Political Science BA (2008)
"There is a great atmosphere around the campus and Birmingham, as a city, is fantastic. On top of this, the POLSIS department is really well established and has a great course to offer."
Where are you working now and what are you doing?
I am working as a Consultant for the public affairs consultancy MHP Communications. I specialise in their health practice, working with clients from across the voluntary, public and private sector to provide them with strategic policy advice and to positively influence government policy.
How has your career developed since graduating from the University of Birmingham?
Before graduating I knew I wanted to work in politics. I started off doing a three month internship in the Policy and Research Unit of the children’s charity Barnardo’s doing policy research and organising campaign events.
I then went on to work for a Labour Member of Parliament in Westminster as their Parliamentary Researcher until the General Election. Working in the House of Commons gave me a greater insight to the workings of government and gave me the opportunity to work in the heart of British politics during a really interesting time. A cliché, but working in the House of Commons never got old – going down an escalator with the Prime Minister or watching a Cabinet Minister trip over a bucket is something you never forget!
After nearly two years in Westminster and working on the General Election campaign I began working for MHP Communications in September 2010 and have been there since.
What is the best thing about what you are doing now?
I really do love my job and the huge variation in the work that comes with it. From setting up meetings with government ministers to drafting election manifestos, everyday I have the opportunity to use the skills I learnt while at university and help to improve the profile of clients with government. I am also hugely privileged to have colleagues who are some of the best in their fields and are a real support and great fun.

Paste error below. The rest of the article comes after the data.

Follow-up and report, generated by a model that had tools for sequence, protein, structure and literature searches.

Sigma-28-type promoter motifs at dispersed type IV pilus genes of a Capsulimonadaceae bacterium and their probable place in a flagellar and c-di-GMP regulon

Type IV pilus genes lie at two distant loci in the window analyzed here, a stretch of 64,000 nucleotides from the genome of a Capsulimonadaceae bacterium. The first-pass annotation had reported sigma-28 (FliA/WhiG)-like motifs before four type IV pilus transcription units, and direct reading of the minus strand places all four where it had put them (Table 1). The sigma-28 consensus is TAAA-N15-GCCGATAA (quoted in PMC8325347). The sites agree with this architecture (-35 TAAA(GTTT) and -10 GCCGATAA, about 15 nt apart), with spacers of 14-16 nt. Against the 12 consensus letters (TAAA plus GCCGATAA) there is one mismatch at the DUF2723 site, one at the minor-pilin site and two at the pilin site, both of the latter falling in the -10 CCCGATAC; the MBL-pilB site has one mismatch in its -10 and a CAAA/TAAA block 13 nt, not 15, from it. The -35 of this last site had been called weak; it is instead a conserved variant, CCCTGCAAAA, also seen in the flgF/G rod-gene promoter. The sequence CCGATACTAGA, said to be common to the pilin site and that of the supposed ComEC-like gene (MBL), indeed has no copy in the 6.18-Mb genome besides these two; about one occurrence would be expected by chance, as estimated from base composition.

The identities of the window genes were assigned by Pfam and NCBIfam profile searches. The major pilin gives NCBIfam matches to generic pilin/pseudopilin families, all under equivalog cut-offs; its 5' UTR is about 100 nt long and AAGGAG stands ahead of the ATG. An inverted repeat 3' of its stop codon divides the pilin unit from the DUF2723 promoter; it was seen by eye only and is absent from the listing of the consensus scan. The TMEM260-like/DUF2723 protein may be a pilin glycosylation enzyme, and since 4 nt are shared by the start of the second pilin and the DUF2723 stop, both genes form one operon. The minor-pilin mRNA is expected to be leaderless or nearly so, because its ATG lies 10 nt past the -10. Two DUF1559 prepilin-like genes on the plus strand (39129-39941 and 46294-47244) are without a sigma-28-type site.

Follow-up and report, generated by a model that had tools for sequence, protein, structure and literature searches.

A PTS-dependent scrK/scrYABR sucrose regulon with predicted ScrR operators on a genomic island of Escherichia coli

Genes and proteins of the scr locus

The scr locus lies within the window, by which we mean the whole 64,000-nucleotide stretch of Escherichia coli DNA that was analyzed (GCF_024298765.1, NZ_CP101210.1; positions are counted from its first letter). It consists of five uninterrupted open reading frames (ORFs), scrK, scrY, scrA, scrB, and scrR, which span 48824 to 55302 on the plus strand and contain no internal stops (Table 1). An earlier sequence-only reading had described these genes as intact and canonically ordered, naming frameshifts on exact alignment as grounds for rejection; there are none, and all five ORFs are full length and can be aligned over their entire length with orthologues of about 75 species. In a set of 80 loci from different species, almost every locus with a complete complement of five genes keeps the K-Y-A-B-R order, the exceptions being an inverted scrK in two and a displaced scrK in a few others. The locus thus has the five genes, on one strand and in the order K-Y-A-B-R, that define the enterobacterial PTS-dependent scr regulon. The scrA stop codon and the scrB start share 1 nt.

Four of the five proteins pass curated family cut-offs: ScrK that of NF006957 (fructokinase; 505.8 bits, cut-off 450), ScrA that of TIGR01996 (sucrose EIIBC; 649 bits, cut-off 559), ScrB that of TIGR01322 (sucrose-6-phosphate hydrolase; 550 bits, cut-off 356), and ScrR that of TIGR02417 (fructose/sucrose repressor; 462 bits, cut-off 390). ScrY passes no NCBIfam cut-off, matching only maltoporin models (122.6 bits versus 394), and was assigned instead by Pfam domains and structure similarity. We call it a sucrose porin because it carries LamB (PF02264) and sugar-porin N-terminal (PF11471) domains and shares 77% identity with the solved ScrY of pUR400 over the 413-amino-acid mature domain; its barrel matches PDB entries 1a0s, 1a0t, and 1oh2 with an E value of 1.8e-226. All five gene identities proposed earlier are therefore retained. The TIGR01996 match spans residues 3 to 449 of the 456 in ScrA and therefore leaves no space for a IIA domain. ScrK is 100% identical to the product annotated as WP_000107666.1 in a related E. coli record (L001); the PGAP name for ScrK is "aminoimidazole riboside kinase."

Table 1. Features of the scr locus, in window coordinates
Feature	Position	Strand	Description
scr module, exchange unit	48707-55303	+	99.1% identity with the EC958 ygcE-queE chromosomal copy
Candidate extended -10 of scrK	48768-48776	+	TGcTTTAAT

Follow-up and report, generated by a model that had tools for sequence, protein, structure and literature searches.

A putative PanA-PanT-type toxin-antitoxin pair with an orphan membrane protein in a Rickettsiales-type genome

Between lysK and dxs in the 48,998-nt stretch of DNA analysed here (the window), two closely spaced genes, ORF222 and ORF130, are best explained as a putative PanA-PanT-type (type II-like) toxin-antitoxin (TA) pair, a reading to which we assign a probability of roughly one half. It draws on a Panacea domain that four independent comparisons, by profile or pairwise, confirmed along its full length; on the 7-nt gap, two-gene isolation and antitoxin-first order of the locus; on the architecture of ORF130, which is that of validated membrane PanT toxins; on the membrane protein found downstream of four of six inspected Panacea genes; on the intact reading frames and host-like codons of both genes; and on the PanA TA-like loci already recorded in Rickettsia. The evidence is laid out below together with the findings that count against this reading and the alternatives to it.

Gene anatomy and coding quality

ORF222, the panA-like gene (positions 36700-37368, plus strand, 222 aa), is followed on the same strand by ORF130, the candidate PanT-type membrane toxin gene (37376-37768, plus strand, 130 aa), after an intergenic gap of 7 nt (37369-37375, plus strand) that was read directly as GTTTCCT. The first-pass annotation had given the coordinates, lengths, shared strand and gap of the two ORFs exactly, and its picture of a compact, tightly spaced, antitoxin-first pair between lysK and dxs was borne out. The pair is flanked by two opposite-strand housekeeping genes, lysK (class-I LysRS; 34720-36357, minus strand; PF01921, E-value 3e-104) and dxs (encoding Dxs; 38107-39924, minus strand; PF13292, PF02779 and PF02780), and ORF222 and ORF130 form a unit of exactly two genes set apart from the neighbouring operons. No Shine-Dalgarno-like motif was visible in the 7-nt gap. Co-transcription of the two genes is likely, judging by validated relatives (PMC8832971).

Why did you originally apply to do your course at Birmingham?
For me, it was the campus. Before I applied, and with some influence from my parents, my impressions of Birmingham were of a concrete jungle in the middle of England. However, on visiting the university, I was certain it was the place I wanted to go.
There is a great atmosphere around the campus and Birmingham, as a city, is fantastic. On top of this, the POLSIS department is really well established and has a great course to offer.
What did you think were the best points of the course and the University?
Birmingham was a fantastic place to spend my three years as a student. On the one hand you have the amazing social life, a great city, and a brilliant university; on the other hand you have a challenging and interesting course.
Did you find your degree at Birmingham challenging or easy?
Nothing during the course was easy – be that 9am lectures or the amount of coursework and difficult deadlines. However, the benefit of the course was the fact that it was challenging and it really did put me in good stead once I left.
What advice would you give to current students?
Plan early. Everyone says it, and it’s true, but while three years feels like a really long time when you first become a student, you will not believe how fast it flies. Make sure you start thinking about where you want to go afterwards early on.
One of the really important things to do is to get some good experience under your belt before leaving – whether that is doing canvassing for a local political party or doing an internship during the holidays. It can be a challenge when trying to balance university work, but it does pay off in the long-run.
It is also important that you do the modules and the dissertation you want to do, rather than the ones you think you should do. You're going to spend three years doing this stuff and you're not always going to love it, so make sure you are at least interested in it!
What are your plans for your future career?
I know I want to stay working in politics and in the sort of sector that I am in at the moment. Politics is a large industry and I would like to go back to the charity sector and possibly working in Westminster again at some point.